If your dog pees inside, immediately take them outside so they learn to associate needing to pee with being outdoors. Never punish or hit your dog for peeing indoors.
Biting And Nipping
Maltese dogs can bite when they are excited. The best way to avoid this behavior is to provide them with enough physical and mental stimulation.
Keeping your dog busy and active will reduce the likelihood that it will bite out of boredom.
If your Maltese bites or nips, you will need to train them not to do so! When it happens, make a loud yelping sound as if you were in pain and let your hand lie still.
This will teach your dog that they have hurt you and they will eventually learn not to do it.
What Are The Behavior Stages Of Maltese Puppies By Age?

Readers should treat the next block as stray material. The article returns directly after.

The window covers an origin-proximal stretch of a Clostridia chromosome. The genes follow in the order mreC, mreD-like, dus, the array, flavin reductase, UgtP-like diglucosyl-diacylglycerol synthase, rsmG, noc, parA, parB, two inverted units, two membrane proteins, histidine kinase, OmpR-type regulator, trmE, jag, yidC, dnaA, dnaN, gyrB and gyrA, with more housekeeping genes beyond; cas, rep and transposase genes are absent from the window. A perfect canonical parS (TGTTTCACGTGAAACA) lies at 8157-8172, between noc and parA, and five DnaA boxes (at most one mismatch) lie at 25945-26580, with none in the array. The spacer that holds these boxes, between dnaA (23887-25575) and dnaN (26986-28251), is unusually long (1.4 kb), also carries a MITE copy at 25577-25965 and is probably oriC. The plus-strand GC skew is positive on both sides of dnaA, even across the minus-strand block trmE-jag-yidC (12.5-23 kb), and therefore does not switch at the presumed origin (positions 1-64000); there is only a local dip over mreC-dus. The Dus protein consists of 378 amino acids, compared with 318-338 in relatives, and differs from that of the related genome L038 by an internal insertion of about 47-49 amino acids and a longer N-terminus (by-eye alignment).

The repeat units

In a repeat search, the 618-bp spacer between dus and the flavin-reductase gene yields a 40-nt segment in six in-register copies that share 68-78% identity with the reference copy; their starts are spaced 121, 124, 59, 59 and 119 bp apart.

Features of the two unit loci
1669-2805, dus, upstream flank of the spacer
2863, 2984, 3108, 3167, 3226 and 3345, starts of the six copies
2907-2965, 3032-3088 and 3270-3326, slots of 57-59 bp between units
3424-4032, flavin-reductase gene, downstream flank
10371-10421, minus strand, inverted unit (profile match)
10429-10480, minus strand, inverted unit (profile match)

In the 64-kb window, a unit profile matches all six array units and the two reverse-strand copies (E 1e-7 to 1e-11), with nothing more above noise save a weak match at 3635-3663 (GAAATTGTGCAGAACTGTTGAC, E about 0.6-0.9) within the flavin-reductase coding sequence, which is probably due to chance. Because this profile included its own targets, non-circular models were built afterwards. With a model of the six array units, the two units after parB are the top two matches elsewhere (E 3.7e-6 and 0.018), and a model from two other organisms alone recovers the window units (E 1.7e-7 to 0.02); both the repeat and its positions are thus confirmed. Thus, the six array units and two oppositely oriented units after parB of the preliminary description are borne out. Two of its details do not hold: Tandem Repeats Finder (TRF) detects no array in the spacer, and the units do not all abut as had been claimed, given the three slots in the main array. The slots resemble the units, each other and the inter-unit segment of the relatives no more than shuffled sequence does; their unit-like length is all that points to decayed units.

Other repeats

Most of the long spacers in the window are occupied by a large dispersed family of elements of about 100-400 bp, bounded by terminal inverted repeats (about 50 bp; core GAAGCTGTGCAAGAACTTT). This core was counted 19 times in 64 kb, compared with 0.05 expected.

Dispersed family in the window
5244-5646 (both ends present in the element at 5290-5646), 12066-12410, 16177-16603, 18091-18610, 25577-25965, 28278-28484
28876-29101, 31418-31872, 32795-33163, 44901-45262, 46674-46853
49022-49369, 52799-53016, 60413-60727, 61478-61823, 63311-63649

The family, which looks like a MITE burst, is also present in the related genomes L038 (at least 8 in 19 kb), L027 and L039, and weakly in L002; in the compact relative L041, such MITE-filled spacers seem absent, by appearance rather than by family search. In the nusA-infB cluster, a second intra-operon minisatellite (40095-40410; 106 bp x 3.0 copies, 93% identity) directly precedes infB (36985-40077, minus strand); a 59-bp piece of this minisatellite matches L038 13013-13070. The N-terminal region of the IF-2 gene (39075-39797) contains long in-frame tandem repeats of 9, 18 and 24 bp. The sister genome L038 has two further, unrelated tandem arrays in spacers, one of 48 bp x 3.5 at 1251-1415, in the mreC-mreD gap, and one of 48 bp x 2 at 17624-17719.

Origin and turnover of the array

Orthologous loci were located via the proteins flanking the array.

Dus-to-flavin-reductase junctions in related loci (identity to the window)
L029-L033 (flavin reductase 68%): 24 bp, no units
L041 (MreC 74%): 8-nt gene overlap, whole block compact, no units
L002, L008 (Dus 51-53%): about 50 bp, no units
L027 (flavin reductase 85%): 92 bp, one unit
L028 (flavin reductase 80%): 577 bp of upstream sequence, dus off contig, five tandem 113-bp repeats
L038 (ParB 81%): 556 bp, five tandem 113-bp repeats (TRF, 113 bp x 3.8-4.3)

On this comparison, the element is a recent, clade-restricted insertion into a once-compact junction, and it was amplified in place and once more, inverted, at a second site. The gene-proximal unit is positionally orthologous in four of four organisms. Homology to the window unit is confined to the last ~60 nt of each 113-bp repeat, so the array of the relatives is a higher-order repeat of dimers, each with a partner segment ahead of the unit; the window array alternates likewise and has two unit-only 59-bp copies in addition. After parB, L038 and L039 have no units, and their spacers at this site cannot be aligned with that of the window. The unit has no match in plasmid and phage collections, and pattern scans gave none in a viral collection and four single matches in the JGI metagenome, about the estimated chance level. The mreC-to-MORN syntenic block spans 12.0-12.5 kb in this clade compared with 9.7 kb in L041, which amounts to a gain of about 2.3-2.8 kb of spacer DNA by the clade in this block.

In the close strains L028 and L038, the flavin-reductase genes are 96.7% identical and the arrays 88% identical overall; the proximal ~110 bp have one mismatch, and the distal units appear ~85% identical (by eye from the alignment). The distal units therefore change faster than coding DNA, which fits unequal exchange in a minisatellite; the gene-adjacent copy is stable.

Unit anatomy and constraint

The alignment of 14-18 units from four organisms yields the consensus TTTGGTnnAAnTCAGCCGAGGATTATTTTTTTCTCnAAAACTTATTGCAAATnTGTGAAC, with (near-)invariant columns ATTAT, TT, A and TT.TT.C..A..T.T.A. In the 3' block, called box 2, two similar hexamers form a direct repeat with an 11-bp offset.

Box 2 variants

- The neonatal stage of development for a puppy lasts for the first two weeks. During this time the Maltese puppy is entirely reliant on their mother.
- From 2-4 weeks, the puppy is in the transitional period. During this time the puppy’s teeth start to come in and they learn to bark (lucky you!).
- The socialization period is from 3-12 weeks. Puppies learn how to play and interact with other dogs and with people. This is the stage when puppies start to nip and bite.
- From 3-6 months, your puppy is in the testing period and may start to exhibit challenging behaviors.
- During this stage, your puppy will be teething and may start chewing on things. Teething usually ends by 6 months.
- Puppy adolescence takes place from 6-18 months. In this stage, your dog may show aggression, pee inside, or exhibit other destructive behaviors. So long as you continue with regular training, these behaviors will diminish.
Two Primary Solutions To Calm Down A Hyper Maltese
There are two main components to calming down a hyper Maltese dog: physical exercise and mental stimulation!